Right now, mindfulness might seem like a buzzword.
Myriad brands have incorporated mindfulness into their messaging, and everyday there seems like a new app that caters towards helping one achieve a “mindful practice” in their day-to-day life.
But mindfulness isn’t a just buzzword—it’s vitally important to maintaining personal wellness. You also don’t need to buy a bunch of new products or eat a certain brand of yogurt to achieve it. Mindfulness can be incorporated into your life for free, and with a little bit of practice, you can build lasting habits that’ll make you a happier and healthier person.
Here are some of tips on how to bring mindfulness into your day-to-day life:
No Screens Before & After Sleeping
A major aspect of mindfulness is noticing what you do as you’re doing it, a skill that hours of scrolling tends to negatively impact. Try to build habits that ground you in what you’re doing in each moment. A great way to start is by putting away smartphones and other electronic devices an hour before bed, and trying not to touch them again until an hour after you’re awake.
Notice What You Spend Money On
If you’re anything like me, you’ve watched Marie Kondo’s new show. If you haven’t, it’s all about pairing down one’s belongings to only the things that “spark joy.” This approach isn’t only useful when you’re purging your home and in the throes of organizing, it’s also extremely useful when you’re shopping. Think carefully about each purchase, whether big or small. If something makes you happy, why? Make sure everything has a unique and productive purpose. This means thinking about the impact of your purchasing decisions.
By the same token, don’t be too hard on yourself when you’re determining what that purpose is. For example, if you’re shopping for home decor, and you happen upon a quilt that makes you happy because the patterns or colors delight you, that’s enough. Things don’t have to have some big, grand reason behind them… but they do have to be authentic.
Focus on Gratitude
Gratitude isn’t an attitude we stumble upon, it’s an attitude that requires cultivation. Take some time out of your day—maybe at lunch, or during some downtime after work—and consider the things you’re thankful for. I find that writing it down in a notebook or journal is particularly helpful, especially since you’re able to return to previous pages and see what kinds of trends emerge. But do whatever works for you. If just thinking it through alone helps, then that’s your strategy.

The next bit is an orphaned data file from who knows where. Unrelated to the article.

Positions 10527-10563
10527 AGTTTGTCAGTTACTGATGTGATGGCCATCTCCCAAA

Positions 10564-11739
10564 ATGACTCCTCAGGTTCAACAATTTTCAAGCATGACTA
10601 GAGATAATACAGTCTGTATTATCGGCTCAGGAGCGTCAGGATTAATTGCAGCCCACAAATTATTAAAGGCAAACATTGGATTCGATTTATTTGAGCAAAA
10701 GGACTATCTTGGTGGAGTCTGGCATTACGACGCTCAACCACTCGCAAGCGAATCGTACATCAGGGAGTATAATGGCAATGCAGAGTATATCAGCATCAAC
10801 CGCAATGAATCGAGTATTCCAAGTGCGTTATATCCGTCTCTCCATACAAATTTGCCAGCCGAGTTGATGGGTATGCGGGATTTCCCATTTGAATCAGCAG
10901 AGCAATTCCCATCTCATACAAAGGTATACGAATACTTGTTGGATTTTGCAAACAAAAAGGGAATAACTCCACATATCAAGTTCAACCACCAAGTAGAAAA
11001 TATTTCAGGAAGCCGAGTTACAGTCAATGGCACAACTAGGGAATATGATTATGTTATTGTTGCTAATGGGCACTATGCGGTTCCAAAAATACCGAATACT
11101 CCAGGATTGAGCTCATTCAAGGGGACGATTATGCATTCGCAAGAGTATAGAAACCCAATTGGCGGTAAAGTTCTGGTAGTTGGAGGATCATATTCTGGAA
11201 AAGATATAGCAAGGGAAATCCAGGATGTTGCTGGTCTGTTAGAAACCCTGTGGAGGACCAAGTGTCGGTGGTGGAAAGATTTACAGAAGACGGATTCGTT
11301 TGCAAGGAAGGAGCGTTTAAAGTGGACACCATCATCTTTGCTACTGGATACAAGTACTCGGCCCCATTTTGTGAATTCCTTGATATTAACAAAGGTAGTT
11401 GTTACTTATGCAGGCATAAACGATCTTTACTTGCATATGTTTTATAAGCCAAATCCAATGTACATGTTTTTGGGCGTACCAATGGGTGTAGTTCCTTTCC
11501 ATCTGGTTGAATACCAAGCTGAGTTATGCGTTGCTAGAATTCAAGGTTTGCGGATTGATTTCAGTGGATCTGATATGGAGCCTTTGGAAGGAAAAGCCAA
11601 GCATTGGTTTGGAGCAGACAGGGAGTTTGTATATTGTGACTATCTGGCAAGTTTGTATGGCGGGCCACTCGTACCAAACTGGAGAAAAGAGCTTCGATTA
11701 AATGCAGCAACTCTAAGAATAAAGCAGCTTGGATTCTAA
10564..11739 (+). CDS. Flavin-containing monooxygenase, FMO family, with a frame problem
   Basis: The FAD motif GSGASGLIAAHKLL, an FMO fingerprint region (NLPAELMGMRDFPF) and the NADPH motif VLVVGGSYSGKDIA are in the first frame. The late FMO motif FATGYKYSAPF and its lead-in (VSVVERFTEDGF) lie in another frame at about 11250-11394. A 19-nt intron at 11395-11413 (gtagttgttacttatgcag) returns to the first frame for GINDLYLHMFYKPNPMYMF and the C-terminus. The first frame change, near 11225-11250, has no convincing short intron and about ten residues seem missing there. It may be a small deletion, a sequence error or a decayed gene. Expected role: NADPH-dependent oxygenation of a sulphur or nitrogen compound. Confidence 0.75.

With our increasingly busy schedules, this can be one of the most difficult steps to integrate habitually. When you’re eating a meal, notice every bite. Don’t rush through it, trying to get fuel into your body. You may also find that you’re hungrier (or less hungry!) than you thought. This is essential to getting in touch with your body, and a cornerstone of healthy eating habits more generally. You don’t have to be perfect and get it right all at once, either. Next time you grab a bag of potato chips, savor each bite. Taste the salt, enjoy the crunch. Even pay attention to the crinkle of the bag. See how it changes the experience, if it changes it at all. When you’re eating, commit to doing just that one thing.
Pay Attention To Breathing
This can be done anywhere. Breathing practices are commonly implemented in meditation and yoga classes, but there’s no reason you can’t keep your breathing in mind during exercise or at your desk at work. In moments of stress, or moments where the world seems to be going too fast around you, take a minute to just breathe. One deep breath in, and one deep breath out. If you’re interested in going slightly more in depth, set some time aside before bed, or first thing when you wake up to work on breathing practices. To begin, search “pranayama”—there’s a wealth of breathing practices available on our site.
Meditation is the big one, isn’t it? It’s the tip that you’re going to hear no matter what, especially if you’re thinking about mindfulness. Meditation looks a million different ways, and it’s all about finding what serves you most effectively. If it seems overwhelming, try to start with guided meditations. Not only are there dozens of free apps on Android and iOS that can help if you use Bluetooth on your commute, but there are also free YouTube videos. Meditations can also have different intentions too, like meditations geared specifically towards sleep, focus, or calmness. Explore it, and try it at different times. One great time to meditate is right before you wake up—it’s a great way to get you started for your day.
ABOUT THE AUTHOR: Sam Casteris is an avid writer and explorer of all things travel, mindfulness, and financial health. You can find more of her work in her portfolio